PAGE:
In periods of crisis, digital technologies provide a lifeline that keeps people, communities and businesses functioning. From the Covid-19 pandemic to violent conflicts and natural disasters, being connected has allowed us to continue working, learning and communicating.
How policymakers have responded to these emergencies has played a large part. In particular, as a new paper by the World Bank Group’s Development Committee shows, more agile regulation has accelerated digitalisation and unleashed innovation. In today’s global context of several overlapping crises, this needs to become the norm. Secure and resilient internet infrastructure is a fundamental necessity.
During the pandemic, as more and more of our lives went online, internet usage spiked worldwide. In 2020, 800 million people went online for the first time, and 58 low- and middle-income countries used digital payments to deliver Covid-19 relief.
To manage that surge, governments and regulators in more than 80 countries moved quickly to change rules, including those governing the allocation of radio spectrum – the electromagnetic waves used for wireless communications.
In Ghana, regulators assigned temporary radio spectrum to networks in high demand and all mobile-service providers were granted permission to expand coverage. This resulted in better-quality service for more than 30 million mobile subscribers, letting them “go” to work, learn online and access essential services.
Agile regulations have also helped digital technologies offer critical support to people in fragile and conflict situations. In Ukraine, the presence of a strong internet connection through satellite links, even while terrestrial infrastructure is under attack, has enabled the government to communicate with its citizens in real time.
At the beginning of the war, shelling and cyberattacks were predicted to take down the internet but innovations such as the satellite hookups have kept the country online. Here, too, the Ukrainian government moved quickly to speed up permissions and adapt rules.
But a digital lifeline is effective only if it is safeguarded from cyberattack, something that Ukraine knows well. For many years, the country has been a testing ground for strikes on infrastructure. Hackers carried out waves of attacks that hit Ukraine’s distribution centres, call centres and power grid.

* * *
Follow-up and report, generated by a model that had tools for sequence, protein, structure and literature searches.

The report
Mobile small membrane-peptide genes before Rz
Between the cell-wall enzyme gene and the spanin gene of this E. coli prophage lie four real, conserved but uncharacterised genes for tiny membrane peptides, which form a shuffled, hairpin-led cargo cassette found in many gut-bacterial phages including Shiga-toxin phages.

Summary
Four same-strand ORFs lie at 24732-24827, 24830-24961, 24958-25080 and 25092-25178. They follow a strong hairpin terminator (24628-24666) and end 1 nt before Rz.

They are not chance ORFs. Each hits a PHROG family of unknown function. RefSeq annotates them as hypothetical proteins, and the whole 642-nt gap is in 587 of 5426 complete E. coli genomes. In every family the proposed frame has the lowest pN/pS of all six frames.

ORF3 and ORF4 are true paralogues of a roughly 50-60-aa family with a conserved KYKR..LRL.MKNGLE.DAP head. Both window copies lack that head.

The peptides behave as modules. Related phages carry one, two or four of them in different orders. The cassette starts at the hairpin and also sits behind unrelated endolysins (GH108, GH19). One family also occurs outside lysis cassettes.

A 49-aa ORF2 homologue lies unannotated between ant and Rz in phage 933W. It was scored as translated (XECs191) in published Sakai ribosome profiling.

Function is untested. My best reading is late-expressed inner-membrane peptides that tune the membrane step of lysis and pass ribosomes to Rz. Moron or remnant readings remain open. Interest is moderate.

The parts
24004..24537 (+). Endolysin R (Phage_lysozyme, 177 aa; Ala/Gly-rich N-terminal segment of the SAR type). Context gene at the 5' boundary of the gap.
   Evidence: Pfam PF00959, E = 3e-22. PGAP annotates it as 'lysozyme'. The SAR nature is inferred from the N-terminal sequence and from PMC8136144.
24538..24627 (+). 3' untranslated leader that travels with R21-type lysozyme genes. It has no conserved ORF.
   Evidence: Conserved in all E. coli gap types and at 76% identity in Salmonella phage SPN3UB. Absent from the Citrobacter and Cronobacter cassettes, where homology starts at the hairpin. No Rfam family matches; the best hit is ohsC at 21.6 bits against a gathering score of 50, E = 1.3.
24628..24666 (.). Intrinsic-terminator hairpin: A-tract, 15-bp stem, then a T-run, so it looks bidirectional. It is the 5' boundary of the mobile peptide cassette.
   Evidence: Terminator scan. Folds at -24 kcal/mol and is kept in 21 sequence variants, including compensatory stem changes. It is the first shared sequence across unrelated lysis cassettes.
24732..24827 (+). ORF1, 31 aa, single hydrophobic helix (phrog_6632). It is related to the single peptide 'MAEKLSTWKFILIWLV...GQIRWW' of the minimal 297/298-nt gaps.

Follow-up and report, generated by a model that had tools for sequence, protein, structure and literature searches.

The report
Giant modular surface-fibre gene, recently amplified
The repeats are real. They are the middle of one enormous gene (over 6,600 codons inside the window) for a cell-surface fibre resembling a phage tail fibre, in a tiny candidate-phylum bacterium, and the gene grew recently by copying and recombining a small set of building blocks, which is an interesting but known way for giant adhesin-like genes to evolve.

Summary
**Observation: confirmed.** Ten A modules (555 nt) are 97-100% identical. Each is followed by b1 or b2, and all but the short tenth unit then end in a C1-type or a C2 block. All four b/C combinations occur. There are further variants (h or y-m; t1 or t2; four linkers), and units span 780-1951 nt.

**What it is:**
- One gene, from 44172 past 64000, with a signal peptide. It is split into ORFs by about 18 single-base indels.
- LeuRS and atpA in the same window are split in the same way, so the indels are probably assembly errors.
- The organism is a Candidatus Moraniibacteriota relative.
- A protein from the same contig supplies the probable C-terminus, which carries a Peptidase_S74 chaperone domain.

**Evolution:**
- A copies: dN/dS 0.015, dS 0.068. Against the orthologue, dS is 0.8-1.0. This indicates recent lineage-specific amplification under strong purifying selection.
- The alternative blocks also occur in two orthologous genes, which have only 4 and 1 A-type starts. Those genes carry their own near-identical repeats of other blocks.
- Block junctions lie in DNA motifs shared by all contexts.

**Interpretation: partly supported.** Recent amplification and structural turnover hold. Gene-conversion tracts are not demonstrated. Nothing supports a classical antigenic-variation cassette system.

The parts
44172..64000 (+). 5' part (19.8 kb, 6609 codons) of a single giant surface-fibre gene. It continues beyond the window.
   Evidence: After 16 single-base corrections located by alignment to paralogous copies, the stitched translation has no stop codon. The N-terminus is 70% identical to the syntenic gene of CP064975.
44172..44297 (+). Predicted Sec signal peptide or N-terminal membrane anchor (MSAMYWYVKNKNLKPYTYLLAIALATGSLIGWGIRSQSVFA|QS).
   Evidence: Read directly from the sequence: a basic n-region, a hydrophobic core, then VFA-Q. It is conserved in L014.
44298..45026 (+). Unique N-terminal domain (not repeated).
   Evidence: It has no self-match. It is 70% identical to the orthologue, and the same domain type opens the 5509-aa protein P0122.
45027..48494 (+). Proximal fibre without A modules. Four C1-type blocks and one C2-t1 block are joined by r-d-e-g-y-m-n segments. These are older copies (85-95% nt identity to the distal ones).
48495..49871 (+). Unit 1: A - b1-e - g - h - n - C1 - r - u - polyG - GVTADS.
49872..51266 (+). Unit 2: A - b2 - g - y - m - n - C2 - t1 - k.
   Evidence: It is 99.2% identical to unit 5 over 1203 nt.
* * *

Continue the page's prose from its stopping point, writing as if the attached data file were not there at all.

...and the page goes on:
And it’s not just Ukraine. All countries are vulnerable to these incursions. The United States fell victim to cyberattacks last year which took down its largest fuel pipeline, leaving many Americans in long lines to fill their petrol tanks. And in Africa, Kenyan internet users endured more than 14 million malware incidents in 2020.
Like cyberattacks, nature can cause damage to communications infrastructure which demands an agile reaction. A volcanic eruption in January sent the island nation of Tonga into digital darkness. The eruption cut Tonga’s single undersea telecom cable and threw the country into 38 days of isolation from the internet and much of the outside world. This crisis has prompted discussions about how to strengthen the network and emergency-response systems, so Tongans are not at risk of digital darkness again.
To mitigate such vulnerabilities, boosting digitalisation needs to be a high priority even in periods of relative calm. Potentially transformative, yet fast-evolving, technologies require policymakers to promote financing, regulations and institutions that make it easier to test new ideas in real life. Some countries are starting to make progress. Kazakhstan is using agile regulation to digitalise, decentralise and decarbonise its vitally important energy operations.
Unlocking the potential of digitalisation for the masses through well-targeted regulation can also help close the digital divide and improve welfare. Recent research has shown that the availability of cheaper internet access increases employment among low-income households.
Countries such as Saint Vincent and the Grenadines and Malaysia provide low-cost plans for poorer users. Digital access is essential for people all over the world, especially residents of under-connected rural areas, the poor, women and the displaced. In Nigeria and Tanzania, poverty rates fell by seven percentage points in areas with internet connections.
With the world facing multiple emergencies, policymakers need to mobilise digital connectivity to improve the daily welfare of the most vulnerable populations. Right now, innovation is moving so fast that many officials, especially in developing countries, are finding it hard to keep up and ensure that the benefits of digitalisation reach the people who need them most.
But we should not need a crisis to accelerate the transformation. Now is the time to build a digital lifeline – before the next disaster hits.
Read more about the World Bank’s work on digital development and the digital lifeline that proved crucial in the pandemic in this recent paper on digitalisation and development. — © Project Syndicate
Riccardo Puliti is vice-president for infrastructure at the World Bank.